Solution: His birthday must be on the last day of the year. If we assume that yesterday was his birthday and that today is the first day of the new year, he was 3 years old the day before yesterday and is currently 4 years old. On the last day of the year he will turn 5, and on the last day of the following year he will turn 6. The solution should read "Month of Celebrating, Day 31" after converting it to the Neopian date system.

Round 426:

Category: Math

Difficulty: Hard

Solution: This type of problem is called an alphametic or verbal arithmetic puzzle. The requirements for the solution are that each letter represents a distinct digit 0 to 9 and none of the leading letters/digits are 0. Solving this type of puzzle can get rather tedious and require overwhelming amounts of logic and arithmetic. Without walking you through the long process of solving this I will tell you that TWELVE = 130760, THIRTY = 194215, and NINETY = 848015. Solving this one fully makes a good exercise for the reader, yes? ;)

Round 427:

Category: Logic

Difficulty: Very easy

Solution: Is it possible? Absolutely.

Round 428:

Category: Patterns

Difficulty: Easy

Solution: This pattern is known as the look-and-say sequence. See why? Try reading the number out loud, digit by digit. The first number is 1. The second number is 11, or "one 1." The third number is 21, or "two 1s." The fourth number is 1211, or "one 2, one 1." The pattern continues like this until 31131211131221. The next line should therefore be "one 3, two 1s, one 3, one 1, one 2, three 1s, one 3, one 1, two 2s, one 1" or 13211311123113112211.

Round 429:

Category: Patterns

Difficulty: Easy

Solution: Each letter in the sequence corresponds to the first letter of a word inside the box. The missing letters are E from "every," L from "live," I from "in," and V from "very."

Round 430:

Category: Word problem

Difficulty: Easy

Solution: Austin is better than Doug and Zorblox is better than Doug. Therefore Zorblox is better than Doug and also far better than Austin, so the answer is C.

Round 431:

Category: Problem-solving

Difficulty: Medium

Solution: Solution is given on answer page and will not be provided here.

Round 432:

Category: Math

Difficulty: Easy

Solution: We can take note of the fact that to get a 5 as the 10s digit from multiplying a number by two, we'll have to get a 4 and carry over a 1. Thus, the 10s digit in the first number must be a 2 or a 7 and the ones digit must be greater than 5. Now that we have significantly narrowed down the possibilities for the first number, let's try out some numbers.

126-129 range: This range is not possible because multiplying these numbers by two results in a 2 in the hundreds place duplicating the 2.

176-179 range: This range is not possible because multiplying these numbers by three results in a 5 in the hundreds place duplicating the 5.

226-229 range: This is a little more work, but we can easily find no numbers in this range work without duplicating any numbers.

276-279 range: This range is not possible as multiplying these numbers by two results in a 5 in the hundreds place duplicating the 5.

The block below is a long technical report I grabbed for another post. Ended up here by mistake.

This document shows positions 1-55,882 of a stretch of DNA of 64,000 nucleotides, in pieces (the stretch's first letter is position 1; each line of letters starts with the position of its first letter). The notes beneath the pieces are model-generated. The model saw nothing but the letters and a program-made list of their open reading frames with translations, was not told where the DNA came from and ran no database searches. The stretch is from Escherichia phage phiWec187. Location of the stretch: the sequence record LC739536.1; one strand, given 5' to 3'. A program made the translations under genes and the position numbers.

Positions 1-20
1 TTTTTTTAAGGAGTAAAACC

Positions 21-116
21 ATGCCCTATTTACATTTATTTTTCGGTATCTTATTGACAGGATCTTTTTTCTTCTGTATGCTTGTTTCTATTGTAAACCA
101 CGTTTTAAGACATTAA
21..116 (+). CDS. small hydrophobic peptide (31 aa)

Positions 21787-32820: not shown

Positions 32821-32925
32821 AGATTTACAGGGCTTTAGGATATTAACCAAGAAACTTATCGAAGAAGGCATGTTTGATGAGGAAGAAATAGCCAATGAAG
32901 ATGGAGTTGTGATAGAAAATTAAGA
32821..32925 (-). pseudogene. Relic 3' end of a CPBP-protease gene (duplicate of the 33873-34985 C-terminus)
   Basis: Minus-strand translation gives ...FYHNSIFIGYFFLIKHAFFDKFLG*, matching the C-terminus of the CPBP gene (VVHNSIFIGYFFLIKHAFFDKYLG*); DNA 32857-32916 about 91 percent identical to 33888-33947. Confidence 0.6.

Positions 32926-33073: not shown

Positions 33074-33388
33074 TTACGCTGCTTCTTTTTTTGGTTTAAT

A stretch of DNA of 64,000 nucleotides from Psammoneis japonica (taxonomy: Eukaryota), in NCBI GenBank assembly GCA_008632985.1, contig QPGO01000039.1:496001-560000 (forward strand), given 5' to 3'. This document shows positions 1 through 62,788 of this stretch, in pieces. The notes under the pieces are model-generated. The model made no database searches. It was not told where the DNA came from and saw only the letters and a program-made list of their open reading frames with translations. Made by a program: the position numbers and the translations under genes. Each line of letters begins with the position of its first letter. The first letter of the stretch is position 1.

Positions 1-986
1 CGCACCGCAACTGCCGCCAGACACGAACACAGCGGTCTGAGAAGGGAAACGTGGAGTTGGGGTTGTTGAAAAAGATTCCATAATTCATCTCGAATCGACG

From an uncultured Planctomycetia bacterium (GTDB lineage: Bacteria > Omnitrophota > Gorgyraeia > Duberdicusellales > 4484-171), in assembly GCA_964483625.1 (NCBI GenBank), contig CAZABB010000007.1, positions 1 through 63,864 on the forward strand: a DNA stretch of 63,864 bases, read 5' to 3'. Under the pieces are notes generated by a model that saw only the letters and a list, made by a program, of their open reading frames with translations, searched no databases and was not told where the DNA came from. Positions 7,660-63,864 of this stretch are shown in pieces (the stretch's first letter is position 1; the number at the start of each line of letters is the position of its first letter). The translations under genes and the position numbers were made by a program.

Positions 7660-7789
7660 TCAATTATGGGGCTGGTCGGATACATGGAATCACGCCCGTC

326-329 range: Once we get here and try the numbers, we find out that 327 actually works. Therefore the answer must be to have 327 in the first row, 654 in the second row, and 981 in the third row.

Round 433:

Category: Logic

Difficulty: Medium

Solution: This is a logic puzzle. As such, it is of a slightly tedious and subjective nature and I will not give a step-by-step solution. However, I will tell you how everything works out and I urge you to try to come to the same conclusions on your own.

Brilch: Stuffing department; First floor; 53 day record

Embroal: Warehouse; Third floor; 28 day record

Lyrian: Store; Second floor; one day record

Phabrick: Design department; First floor; 348 day record

Trilnin: Engineering department; Third floor; 17 day record

Round 434:

Category: Problem-solving/Site knowledge

Difficulty: Easy

Solution: Solution is given on answer page; a solution will not be included here.

Round 435:

Category: Word problem

Difficulty: Easy

Solution: We'll work this out by reading it backwards. First, the answer to 2+4*5 = 2+20 = 22 = TWENTY TWO. The sixth letter of TWENTY TWO is Y. Y is the 25th letter. 25 has three straight lines. Thus the answer is 3.

Round 436:

Category: Problem-solving/Simple math

Difficulty: Medium

Solution: We have to go through the species and add all the toes in their footprints:

Acara: Four feet with three toes each = 12

Aisha: No toes = 0

Blumaroo: Two feet with two toes each = 4

Bori: Four feet with three toes each = 12

Bruce: No toes = 0

Buzz: Two feet with three toes each = 6

Chia: No toes = 0

Chomby: No toes = 0

Cybunny: Four feet with three toes each = 12

Draik: Two feet with three toes each = 6

Elephante: Two feet with three toes each = 6

Eyrie: Four feet with three toes each = 12

Flotsam: No feet/toes = 0

Gelert: Four feet with three toes each = 12

Gnorbu: No toes = 0

Grarrl: Two feet with three toes each = 6

Grundo: Two feet with two toes each = 4

Hissi: No feet/toes = 0

Ixi: No toes = 0

Jetsam: No toes = 0

JubJub: Two feet with three toes each = 6

Kacheek: Two feet with two toes each = 4

Kau: No toes = 0

Kiko: No feet/toes = 0

Koi: No feet/toes = 0

Korbat: Two feet with two toes each = 4

Kougra: Four feet with three toes each = 12

Krawk: Two feet with three toes each = 6

Kyrii: Two feet with two toes each = 4

Lenny: Two feet with two toes each = 4

Lupe: Four feet with three toes each = 12

Lutari: Two feet with three toes each = 6

Meerca: Two feet with two toes each = 4

Moehog: No toes = 0

Mynci: Two feet with three toes each = 6

Nimmo: Two feet with three toes each = 6